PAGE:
During my time as a painter I had become labelled ‘The King of the Marbling’. Marbling was an effect used on rides and stalls by the showman for many years. For some reason the ‘marble effect’ was popular with showmen and enthusiasts alike. It was a very simple process using a varnish glaze, a feather and some petrol or lighter fluid. I’d developed a technique that had become very successful.

    Jack’s yard was near Retford in Nottinghamshire. I’d agreed to marble his steps at £20 a step. There were 12 sets of steps to be marbled. Also I’d made sure he was going to pay for my petrol, the paint and some lighter fluid. I even told him I’d bill him for a pie and a pint in the pub at lunch time. I’d got him by his bollocks! Well… after all, I did drop everything for him in his hour of need and he’d been such a **** to me in the past. So it was payback time.

    When I arrived at Jack’s yard I was greeted by an old chap. “Hello, Jack’s not here today, follow me and I’ll take you to where the sets are” he said. The old chap was Jack’s joiner. He was a very friendly and obliging too. He took me to a large workshop area, where the steps had been carefully set out ready for my magic feather treatment.

    It had taken me twenty minutes to paint on the varnish glaze. Ten minutes to splash the lighter fluid on top of the wet glaze. Then another twenty minutes to add the veins with a feather. Job done in less than an hour! The total bill including fuel and food was £300.

    Later that day, Jack called me on the phone. He told me he was very pleased with the marbling on his steps and that I’d done a splendid job. The next part of the conversation would live in my memory for ever. It went something like this… “Would it be ok if I pay you at the weekend?” He asked. “No problem” I told him. Then he said “£300 for a days work is very expensive”. Then I shot him right between the eyes “No Jack… it was £300 for an hours work!”

    That silly old bugger learned the hard way with me. Show me some respect and I’ll show some back. Taking the piss will cost you.


  5. #854
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    Default Re: "The Tunnel of Love" My life on the Traveling Fairgrounds, by rockabilly.






  6. #855
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    Default Re: "The Tunnel of Love" My life on the Traveling Fairgrounds, by rockabilly.

    Quote Originally Posted by Erik View Post


    Thank you very much.


  7. #856
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    Default Re: "The Tunnel of Love" My life on the Traveling Fairgrounds, by rockabilly.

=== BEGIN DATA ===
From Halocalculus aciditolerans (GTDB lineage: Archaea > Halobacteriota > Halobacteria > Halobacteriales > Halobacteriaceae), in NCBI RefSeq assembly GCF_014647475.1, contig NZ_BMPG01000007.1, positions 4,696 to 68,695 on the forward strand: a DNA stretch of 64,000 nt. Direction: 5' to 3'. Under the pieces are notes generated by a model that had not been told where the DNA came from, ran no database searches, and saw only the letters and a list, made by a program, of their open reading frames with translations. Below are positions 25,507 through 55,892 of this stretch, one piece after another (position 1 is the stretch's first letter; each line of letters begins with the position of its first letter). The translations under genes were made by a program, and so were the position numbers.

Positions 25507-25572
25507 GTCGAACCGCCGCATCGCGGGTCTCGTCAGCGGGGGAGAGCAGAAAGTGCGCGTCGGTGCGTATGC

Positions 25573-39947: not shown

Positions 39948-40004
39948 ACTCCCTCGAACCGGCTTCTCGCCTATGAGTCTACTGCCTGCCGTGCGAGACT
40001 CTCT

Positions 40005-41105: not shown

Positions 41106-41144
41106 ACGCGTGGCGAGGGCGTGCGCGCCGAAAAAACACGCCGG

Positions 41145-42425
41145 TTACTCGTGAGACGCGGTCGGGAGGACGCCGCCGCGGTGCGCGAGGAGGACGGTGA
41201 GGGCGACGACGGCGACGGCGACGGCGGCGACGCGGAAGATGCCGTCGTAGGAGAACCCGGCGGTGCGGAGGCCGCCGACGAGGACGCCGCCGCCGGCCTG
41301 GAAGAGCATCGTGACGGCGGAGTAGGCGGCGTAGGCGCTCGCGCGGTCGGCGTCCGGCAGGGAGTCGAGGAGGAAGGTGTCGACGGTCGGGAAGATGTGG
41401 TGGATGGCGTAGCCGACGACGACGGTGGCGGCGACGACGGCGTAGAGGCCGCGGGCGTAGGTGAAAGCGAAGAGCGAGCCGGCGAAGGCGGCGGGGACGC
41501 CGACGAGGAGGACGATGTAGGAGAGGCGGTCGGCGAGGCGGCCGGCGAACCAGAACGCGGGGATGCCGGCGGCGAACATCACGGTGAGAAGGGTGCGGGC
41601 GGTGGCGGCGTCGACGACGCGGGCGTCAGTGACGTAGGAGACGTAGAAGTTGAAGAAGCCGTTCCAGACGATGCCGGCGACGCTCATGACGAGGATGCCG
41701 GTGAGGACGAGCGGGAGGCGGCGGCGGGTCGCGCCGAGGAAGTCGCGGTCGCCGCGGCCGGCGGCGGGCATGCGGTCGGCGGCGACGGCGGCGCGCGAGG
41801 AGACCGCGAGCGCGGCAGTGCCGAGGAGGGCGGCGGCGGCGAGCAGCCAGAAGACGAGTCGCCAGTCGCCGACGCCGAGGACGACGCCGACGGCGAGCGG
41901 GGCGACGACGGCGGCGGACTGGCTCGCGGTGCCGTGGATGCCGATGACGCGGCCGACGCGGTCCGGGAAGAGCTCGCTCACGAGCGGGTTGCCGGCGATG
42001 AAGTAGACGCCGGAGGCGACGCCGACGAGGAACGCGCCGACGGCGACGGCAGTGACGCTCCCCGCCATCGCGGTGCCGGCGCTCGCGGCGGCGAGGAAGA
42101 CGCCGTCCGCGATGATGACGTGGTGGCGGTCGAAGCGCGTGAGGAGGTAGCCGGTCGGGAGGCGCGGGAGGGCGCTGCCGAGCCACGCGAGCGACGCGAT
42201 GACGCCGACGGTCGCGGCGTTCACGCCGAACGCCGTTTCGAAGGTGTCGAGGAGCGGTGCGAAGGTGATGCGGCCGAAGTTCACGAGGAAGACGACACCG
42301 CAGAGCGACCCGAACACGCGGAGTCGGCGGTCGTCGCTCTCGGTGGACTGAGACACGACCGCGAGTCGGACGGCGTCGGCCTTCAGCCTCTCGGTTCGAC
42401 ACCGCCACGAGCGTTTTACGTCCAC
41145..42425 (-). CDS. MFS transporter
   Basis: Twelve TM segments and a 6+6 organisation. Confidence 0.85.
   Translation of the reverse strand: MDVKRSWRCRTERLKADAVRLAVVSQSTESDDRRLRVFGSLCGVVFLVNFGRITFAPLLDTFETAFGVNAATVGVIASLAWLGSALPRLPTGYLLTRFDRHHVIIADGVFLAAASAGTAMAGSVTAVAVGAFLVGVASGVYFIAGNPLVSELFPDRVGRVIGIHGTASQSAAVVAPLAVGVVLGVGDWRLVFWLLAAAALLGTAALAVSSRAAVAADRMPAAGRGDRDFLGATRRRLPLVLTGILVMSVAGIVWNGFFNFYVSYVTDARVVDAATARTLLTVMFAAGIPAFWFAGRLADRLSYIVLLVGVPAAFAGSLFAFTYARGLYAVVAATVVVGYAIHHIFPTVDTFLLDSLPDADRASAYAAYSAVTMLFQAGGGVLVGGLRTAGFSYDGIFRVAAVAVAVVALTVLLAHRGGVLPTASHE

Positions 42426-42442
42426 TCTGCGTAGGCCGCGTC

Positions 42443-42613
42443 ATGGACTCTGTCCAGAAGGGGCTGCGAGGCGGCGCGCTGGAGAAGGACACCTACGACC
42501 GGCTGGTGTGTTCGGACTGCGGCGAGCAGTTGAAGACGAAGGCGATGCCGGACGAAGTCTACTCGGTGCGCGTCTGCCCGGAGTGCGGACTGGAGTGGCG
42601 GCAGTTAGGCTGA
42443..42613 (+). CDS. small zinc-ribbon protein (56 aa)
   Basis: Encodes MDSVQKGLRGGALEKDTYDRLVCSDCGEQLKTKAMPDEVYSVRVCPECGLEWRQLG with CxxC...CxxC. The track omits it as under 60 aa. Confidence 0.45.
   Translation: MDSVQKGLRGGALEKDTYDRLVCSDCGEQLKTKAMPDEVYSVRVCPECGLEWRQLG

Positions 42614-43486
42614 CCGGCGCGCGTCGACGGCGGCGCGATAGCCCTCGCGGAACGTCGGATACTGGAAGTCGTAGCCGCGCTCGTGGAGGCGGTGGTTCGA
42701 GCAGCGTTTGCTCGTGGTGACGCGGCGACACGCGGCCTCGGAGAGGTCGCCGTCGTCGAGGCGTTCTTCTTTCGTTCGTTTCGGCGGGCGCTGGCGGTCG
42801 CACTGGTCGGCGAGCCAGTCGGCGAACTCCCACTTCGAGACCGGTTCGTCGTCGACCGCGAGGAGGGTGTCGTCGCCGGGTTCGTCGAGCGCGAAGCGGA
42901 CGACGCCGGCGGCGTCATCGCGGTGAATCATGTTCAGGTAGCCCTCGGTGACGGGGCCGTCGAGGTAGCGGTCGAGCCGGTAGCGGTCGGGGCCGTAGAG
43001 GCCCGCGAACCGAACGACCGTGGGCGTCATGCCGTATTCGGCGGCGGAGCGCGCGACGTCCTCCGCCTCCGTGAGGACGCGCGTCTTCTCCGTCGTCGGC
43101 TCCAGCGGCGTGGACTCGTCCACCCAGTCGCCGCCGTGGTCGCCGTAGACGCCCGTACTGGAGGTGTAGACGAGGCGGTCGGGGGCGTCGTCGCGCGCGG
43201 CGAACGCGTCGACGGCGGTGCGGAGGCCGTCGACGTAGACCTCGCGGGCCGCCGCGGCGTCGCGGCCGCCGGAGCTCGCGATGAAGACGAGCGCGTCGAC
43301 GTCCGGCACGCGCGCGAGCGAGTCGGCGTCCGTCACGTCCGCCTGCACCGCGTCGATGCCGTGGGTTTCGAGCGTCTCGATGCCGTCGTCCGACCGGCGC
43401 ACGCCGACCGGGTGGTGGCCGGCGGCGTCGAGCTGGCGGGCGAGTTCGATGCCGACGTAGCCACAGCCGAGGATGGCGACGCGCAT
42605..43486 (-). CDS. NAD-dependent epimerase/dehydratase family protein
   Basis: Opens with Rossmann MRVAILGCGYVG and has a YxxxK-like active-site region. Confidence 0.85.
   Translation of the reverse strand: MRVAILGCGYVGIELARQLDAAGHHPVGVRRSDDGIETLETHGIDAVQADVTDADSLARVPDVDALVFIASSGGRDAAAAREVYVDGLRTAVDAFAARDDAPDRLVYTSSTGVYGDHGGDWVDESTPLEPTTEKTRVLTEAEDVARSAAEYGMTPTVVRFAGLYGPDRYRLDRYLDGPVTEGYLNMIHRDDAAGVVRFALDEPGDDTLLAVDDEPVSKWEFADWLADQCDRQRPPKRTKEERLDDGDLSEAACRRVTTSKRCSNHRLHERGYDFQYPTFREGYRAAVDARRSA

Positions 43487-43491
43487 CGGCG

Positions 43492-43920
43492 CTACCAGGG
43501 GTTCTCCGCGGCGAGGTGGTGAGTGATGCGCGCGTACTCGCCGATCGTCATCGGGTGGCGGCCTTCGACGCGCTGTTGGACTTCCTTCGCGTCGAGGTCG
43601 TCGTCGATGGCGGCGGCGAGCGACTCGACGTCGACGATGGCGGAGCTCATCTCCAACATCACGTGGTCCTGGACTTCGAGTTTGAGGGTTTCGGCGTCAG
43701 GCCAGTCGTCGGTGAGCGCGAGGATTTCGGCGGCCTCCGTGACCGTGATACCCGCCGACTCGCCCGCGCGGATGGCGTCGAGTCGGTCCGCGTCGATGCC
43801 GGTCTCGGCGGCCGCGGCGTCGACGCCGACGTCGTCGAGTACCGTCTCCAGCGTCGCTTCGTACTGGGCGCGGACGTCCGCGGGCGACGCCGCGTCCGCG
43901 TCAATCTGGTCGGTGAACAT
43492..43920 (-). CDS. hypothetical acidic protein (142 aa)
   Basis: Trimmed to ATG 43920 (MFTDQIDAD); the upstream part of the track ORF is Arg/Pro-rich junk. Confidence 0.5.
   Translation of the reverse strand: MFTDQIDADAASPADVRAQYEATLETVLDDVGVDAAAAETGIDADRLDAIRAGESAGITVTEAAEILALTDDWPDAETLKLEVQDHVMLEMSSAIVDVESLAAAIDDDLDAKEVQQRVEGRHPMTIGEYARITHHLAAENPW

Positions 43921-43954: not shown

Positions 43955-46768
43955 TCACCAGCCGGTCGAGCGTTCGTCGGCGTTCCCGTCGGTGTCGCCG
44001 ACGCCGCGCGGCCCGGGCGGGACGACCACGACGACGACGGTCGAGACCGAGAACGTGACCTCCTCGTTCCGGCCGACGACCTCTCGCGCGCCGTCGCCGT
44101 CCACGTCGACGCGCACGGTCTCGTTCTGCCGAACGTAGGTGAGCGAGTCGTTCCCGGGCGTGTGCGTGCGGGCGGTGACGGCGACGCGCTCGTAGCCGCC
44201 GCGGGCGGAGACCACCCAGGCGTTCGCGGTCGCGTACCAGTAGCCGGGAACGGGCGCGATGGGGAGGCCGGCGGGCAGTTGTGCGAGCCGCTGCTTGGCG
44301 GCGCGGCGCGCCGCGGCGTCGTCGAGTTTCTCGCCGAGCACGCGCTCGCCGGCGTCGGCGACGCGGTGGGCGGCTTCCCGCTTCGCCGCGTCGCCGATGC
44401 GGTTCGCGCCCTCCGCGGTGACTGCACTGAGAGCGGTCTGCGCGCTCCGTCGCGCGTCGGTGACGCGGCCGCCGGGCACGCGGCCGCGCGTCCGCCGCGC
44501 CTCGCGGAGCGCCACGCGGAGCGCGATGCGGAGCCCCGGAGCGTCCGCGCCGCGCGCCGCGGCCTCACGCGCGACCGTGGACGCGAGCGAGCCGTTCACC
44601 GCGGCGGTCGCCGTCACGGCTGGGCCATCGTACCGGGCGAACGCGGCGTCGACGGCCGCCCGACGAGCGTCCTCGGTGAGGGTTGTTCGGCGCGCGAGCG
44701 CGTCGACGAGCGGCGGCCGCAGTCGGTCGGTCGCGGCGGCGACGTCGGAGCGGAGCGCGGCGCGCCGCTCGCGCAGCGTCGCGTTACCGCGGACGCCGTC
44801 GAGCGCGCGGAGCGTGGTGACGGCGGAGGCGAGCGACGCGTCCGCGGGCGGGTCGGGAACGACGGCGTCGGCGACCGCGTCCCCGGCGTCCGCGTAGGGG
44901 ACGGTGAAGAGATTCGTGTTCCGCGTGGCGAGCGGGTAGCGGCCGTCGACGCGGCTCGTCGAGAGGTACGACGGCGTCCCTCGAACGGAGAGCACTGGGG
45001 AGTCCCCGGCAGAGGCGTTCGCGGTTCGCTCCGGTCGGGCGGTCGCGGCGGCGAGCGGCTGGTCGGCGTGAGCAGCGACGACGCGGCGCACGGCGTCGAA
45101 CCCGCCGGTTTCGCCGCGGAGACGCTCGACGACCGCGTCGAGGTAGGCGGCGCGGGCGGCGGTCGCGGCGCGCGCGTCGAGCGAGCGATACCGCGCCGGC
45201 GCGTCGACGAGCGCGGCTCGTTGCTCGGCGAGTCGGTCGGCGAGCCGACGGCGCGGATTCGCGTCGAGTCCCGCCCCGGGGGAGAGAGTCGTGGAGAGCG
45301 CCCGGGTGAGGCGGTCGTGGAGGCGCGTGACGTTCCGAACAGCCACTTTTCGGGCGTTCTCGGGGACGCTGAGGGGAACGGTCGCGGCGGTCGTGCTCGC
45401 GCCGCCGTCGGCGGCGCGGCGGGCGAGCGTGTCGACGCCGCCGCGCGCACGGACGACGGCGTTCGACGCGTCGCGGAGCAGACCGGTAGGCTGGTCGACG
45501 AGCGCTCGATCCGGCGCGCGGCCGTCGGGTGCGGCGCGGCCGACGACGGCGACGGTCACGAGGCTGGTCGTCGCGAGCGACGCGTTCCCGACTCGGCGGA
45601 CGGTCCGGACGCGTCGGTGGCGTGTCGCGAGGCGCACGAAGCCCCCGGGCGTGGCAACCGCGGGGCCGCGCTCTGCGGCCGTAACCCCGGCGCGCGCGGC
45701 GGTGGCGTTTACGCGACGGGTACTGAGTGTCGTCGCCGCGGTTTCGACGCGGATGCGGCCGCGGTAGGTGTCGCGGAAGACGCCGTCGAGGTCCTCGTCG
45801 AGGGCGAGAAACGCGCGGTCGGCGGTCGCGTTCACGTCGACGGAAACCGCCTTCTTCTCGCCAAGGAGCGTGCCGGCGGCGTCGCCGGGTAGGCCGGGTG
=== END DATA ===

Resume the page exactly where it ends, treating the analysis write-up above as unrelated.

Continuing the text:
Chapter Thirty one “Sunny Hunny”.

    Things had been going very well for me, I was loving my life painting and signwriting, and not forgetting being back on the Gaff with the Dodgems.
    Things had been going well with me and Kay too. Working on the Gaff together and going to rockabilly gigs too. What could possibly go wrong?

    During our time together, Kay had always worked full time at Bombardier in Derby. She was pretty handy at wiring up panels that were used on trains. We’d always got on well and had very little in the way of arguments or spats. Cutting a long story short, it turned out that Kay had been having an affair with a bloke at her workplace. So I ended the relationship and kicked her out of the house. So that was that. This happened back in January 2002. I was heartbroken for a week or two, but nothing that working on the Gaff couldn’t put right. Maybe it was time for the old Rembrandt to make a reappearance.

    This was the moment I’d regretted turning down the chance to tour the USA. Apart from having a mortgage to pay, my main concern was leaving Kay behind on her own for six months. Now I realised why she would have been happy for me to have gone over to the States. No point in crying about it, it was a missed opportunity and that was that.

    During the Easter of 2002, I’d painted some signs for a Rock Shop in the seaside town of Hunstanton. Hunstanton is situated on the north Norfolk coast. I had arranged to deliver the completed signs to the shop at the seaside. The journey from my home in Belper to Hunstanton had taken me about two and a half hours. When I arrived at Hunstanton, I was gagging for a cup of tea. So I popped into a cafe for a cuppa and a jolly good fry up.